You know there is nothing more exciting than church history.  (kidding)  But there was a churchman in the first century named   He was condemned as a heretic because he believed that God’s love was so overwhelming that all humans were ultimately gathered into God’s eternal care. He was a Universalist. I am not.  I believe that there are wrong ways to try to get in touch with God. And there are wrong ways to interpret what God wants from us. 9-11 for instance. The Spanish Inquisition for instance.  I do believe that there is truth. I just don’t claim to have such a clear handle on that truth that other ways of approaching the truth should be automatically dismissed just because they disagree with me.

I know the gospel of John has Jesus declare I am the way the truth and the life. No one comes to the father but through me. But John sees Jesus as the LOGOS, the divine expression of God’s love throughout his gospel. Is it possible that John is saying that it is only through the divine expression of God’s love that anyone is saved? I think it’s possible.  What about Abraham? What about the Jews?  See Romans 11: 26.  What about Native Americans who worshipped the Great Spirit and revered the land and human dignity?   What about people that you and I know who demonstrate the fruits of God’s Spirit even though they are not religious?  You observe their lives filled with love, joy, peace, patience, kindness, gentleness, self-control. Is it possible that the Divine LOGOS can bring people into the presence of God without knowing the story of Jesus of Nazareth?

I don’t know. I have enough assurance of faith to leave that all up to God to sort out. I know the gospel message. I believe that Jesus was the incarnation of God’s Spirit. I believe that by the cross, I am saved from sin and death. And I know that I do not deserve God’s love or God’s salvation or God’s gift of eternal life.  But I wonder if there couldn’t be more than just one way.


I’m not providing you with any answers here. I’m just inviting you into the struggle that I share with old Origen.  God’s love is so enormous. Is it possible that God finds other ways to bring people in?  My faith says that I really don’t have to know, because I believe.

So I get on the plane and sit down and read a magazine. I know nothing about aero-dynamics or the workings of a 747.  But I trust that there is a guy sitting up front who knows. And I put that conviction to the test by sitting there and believing that he will guide the plane safely to our destination.  I’m pretty relaxed when I fly.  Not everyone is like me. Some of the passengers are white knuckled and convinced that we are all going to crash. Others use alcohol or sedatives to keep from thinking about it. But we all land and get off the plane and go on with our lives.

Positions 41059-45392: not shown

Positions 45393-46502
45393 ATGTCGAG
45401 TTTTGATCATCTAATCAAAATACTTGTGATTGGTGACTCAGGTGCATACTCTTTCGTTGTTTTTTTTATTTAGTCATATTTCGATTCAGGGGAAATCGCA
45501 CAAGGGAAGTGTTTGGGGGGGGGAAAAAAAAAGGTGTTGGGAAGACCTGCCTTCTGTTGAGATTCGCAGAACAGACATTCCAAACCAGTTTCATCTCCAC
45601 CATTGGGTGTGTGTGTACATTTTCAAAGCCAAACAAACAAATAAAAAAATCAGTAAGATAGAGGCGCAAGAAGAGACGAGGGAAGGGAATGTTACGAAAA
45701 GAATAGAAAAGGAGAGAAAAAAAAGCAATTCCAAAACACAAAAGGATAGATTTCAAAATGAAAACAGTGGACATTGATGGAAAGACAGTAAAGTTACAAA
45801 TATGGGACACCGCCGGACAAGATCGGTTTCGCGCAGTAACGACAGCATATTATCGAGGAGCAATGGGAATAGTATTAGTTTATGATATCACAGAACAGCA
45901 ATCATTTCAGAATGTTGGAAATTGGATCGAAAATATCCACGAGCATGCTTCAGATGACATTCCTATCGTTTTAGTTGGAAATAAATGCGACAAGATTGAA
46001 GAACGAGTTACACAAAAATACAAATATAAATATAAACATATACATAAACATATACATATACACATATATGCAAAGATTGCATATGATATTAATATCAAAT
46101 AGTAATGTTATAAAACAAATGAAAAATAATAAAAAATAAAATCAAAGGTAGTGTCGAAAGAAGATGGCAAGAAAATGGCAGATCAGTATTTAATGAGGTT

John Calvin said that faith was the firm knowledge of God’s The preacher in Hebrews says that people who are running around lost are still God’s people.  God is not ashamed to be called their God.  It is not our effort or our ecclesiastical status that saves us. It’s God’s grace that saves us. And that grace is extended to everyone.

The title of this sermon, the longest title of any sermon that I have ever preached is taken from a Paul Simon song called “Graceland” He says Poor boys and pilgrims with families and we’re all going to Graceland.  A lonely man divorced because his wife said he was boring, now alienated from his son, the woman who is used by men and now feels like life is meaningless, the poor, the searchers. I have a reason to believe we all will be received at Graceland.

There is no exclusivity at this table. It is open to all who simply come in faith.  The same is true of God’s love. But what if he is a communist? What if she is gay? What is he is a Muslim? What if he is in prison?  What if he has AIDS?  “For reasons I cannot explain, I have a reason to believe that we all will be received in Graceland.  Is it possible that no one is expendable, no one is hopeless, and no one is beyond God’s love and grace? Jesus Christ, I hope so.